Strengthening Constitutional Self-Government

No Left Turns

Democratic leadership (?) in the Senate

I can’t resist a little partisan dig at Harry Reid, who wants GWB to lead the Senate for him on immigration:

Democratic Leader Harry Reid of Nevada said that if a second vote fails, ``the bill’s gone.’’ He added, ``What else can I do?’’


Reid appealed to Bush to twist the arms of 47 Republicans who voted against limiting debate, saying the legislation’s demise would produce headlines that ``the president fails again.’’


``It’s his bill, it’s not our bill,’’ Reid told reporters after the vote. ``It can’t pass unless we get significant Republican support.’’

My headline would be: "Harry Reid can’t lead."

For more of the same, go
here.

Update: I’m not sure whether it’s headed to the morgue or just to the hospice, but, for now, comprehensive immigration reform is off the agenda, with its supporters falling fifteen votes short of imposing cloture. Here’s the roll call.

Discussions - 5 Comments

The battle was grueling, hard-fought, and called for constancy and grit.

And the Conservatives of this great land demonstrated that they were more than equal to the challenge.

This would have been the most far-reaching legislation of our lifetimes. And we killed it.

We demonstrated that we still had what it took to exercise effective oversight of the legislative process. And all of the veils and the curtains draped around this legislation, to prevent the American people scrutinizing this bill, we saw through, we peered through, we refused to allow ourselves to be placated by platitudes, we refused to allow ourselves to be mollified by falsehoods, we refused to be intimidated by accusations and attacks.

The defeat of this bill is one of the greatest legislative accomplishments that I'll probably ever live to see.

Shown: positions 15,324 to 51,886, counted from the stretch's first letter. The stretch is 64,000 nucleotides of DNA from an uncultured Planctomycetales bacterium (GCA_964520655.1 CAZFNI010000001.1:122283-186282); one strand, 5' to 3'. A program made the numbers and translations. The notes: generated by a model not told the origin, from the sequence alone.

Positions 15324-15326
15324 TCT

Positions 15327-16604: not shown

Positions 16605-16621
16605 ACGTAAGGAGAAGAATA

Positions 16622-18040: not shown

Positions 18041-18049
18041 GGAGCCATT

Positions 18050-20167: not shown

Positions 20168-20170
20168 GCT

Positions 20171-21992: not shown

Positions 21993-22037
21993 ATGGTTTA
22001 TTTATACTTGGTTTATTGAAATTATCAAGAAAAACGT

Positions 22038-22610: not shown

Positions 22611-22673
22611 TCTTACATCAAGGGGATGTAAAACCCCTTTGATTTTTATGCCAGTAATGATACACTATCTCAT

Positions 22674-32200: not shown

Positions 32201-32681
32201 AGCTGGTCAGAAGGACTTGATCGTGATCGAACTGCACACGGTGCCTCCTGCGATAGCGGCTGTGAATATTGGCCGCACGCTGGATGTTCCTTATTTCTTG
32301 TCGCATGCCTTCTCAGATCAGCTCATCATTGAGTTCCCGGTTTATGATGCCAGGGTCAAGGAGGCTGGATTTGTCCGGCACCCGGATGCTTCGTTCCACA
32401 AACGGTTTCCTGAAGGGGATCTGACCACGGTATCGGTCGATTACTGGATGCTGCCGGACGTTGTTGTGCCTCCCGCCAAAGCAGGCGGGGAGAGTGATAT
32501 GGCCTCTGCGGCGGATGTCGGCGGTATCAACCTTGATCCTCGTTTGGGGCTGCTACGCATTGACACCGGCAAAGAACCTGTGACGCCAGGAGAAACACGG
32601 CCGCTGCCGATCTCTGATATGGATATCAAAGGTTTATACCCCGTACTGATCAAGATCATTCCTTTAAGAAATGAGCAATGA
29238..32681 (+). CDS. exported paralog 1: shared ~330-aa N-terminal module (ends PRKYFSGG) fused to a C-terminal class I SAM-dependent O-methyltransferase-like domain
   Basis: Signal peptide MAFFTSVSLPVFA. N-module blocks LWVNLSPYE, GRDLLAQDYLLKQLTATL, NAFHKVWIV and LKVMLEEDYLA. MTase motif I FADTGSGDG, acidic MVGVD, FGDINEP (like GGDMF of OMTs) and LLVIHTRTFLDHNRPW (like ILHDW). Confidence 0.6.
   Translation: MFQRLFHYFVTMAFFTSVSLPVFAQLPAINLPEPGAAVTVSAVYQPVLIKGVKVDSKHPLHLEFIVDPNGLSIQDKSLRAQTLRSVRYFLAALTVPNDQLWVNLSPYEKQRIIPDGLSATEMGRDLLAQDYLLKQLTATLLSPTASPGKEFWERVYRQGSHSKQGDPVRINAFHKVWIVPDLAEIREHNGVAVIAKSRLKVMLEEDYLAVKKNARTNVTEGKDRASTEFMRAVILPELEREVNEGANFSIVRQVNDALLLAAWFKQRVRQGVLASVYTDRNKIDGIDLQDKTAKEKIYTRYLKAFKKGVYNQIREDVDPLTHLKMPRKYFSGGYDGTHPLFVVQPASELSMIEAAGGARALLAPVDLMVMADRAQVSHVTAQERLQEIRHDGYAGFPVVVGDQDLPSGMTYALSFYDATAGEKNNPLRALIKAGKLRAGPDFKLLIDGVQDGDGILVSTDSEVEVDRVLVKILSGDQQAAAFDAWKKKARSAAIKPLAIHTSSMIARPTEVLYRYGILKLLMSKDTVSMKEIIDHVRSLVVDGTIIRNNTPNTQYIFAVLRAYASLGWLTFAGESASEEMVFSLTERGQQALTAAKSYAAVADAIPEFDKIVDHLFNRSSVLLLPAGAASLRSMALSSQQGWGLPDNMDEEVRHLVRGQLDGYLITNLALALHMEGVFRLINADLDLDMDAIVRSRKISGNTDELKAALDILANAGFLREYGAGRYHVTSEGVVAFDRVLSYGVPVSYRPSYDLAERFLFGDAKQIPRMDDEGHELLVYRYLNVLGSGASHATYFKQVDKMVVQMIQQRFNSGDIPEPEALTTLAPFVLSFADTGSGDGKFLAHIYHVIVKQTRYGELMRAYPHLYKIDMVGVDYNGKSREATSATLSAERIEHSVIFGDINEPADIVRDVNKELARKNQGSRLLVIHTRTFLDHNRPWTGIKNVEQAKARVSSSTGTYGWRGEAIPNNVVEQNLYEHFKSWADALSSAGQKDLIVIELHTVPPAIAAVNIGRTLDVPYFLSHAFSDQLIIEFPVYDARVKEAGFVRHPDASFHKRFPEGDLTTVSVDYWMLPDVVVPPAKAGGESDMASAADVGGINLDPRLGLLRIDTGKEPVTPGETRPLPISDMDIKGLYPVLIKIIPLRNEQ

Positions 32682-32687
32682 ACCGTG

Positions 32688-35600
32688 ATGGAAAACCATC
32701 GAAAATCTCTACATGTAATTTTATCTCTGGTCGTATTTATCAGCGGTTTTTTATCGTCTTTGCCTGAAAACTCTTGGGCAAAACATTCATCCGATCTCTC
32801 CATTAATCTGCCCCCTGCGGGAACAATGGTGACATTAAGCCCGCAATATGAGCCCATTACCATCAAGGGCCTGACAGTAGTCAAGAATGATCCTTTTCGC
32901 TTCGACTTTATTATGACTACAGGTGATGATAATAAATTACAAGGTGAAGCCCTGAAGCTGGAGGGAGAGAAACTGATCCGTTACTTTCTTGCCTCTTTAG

And men like Jeff Sessions, and a few others in the United States Senate, deserve our deep and reverent thanks for the character they displayed. How fitting that this victory should come on the anniversary of Operation Overlord. How seemly and fitting.

At least for now, I think it's done.

As the Presidential campaign proceeds, the parties will be increasingly reluctant to revisit such a contentious issue. Although President Bush will be strongly desirous of seeing them do so.

All along, the President and his advisers demonstrated themselves to be completely unconcerned about the many obnoxious provisions of this bill. All they were concerned about was keeping the bill "moving forward." I think I read that over at John Hawkins site, who related the conversation he had with a Senate staffer in the know.

But the President and Rove will be eager to return to this deal. And Conservatives will have to keep a sharp eye on the both of them. On this issue, as sadly, on many another, those two men can't be trusted.

But one thing should be observed, over at National Review Online, they don't seem to be celebrating the destruction of the bill tonight. Maybe tomorrow they'll be celebratory. But for now, it seems they're being very wary about pronouncing the bill "dead."

At long last, they've acquired a feel for this Presidency, which leaves them very suspicious and very cautious.

The question now is ...

Do we deport or do we keep that the status quo, that is, illegal, but legal at the same time?

There's no particular reason why we should codify the situation of the illegals. We've lived with the situation for years, we can live with it a few more. The President is demanding that we codify his refusal to implement existing immigration law. That's what he's doing.

He's allowed millions to come in, then he uses that problem, which he created, as a basis to get what he wants, this comprehensive give away.

I don't know about the rest of you, but I'll be damned before I sign off on such a policy, such a codification, such a capitulation.

Leave a Comment

* denotes a required field
 

No TrackBacks
TrackBack URL: http://nlt.ashbrook.org/movabletype/mt-tb.cgi/10586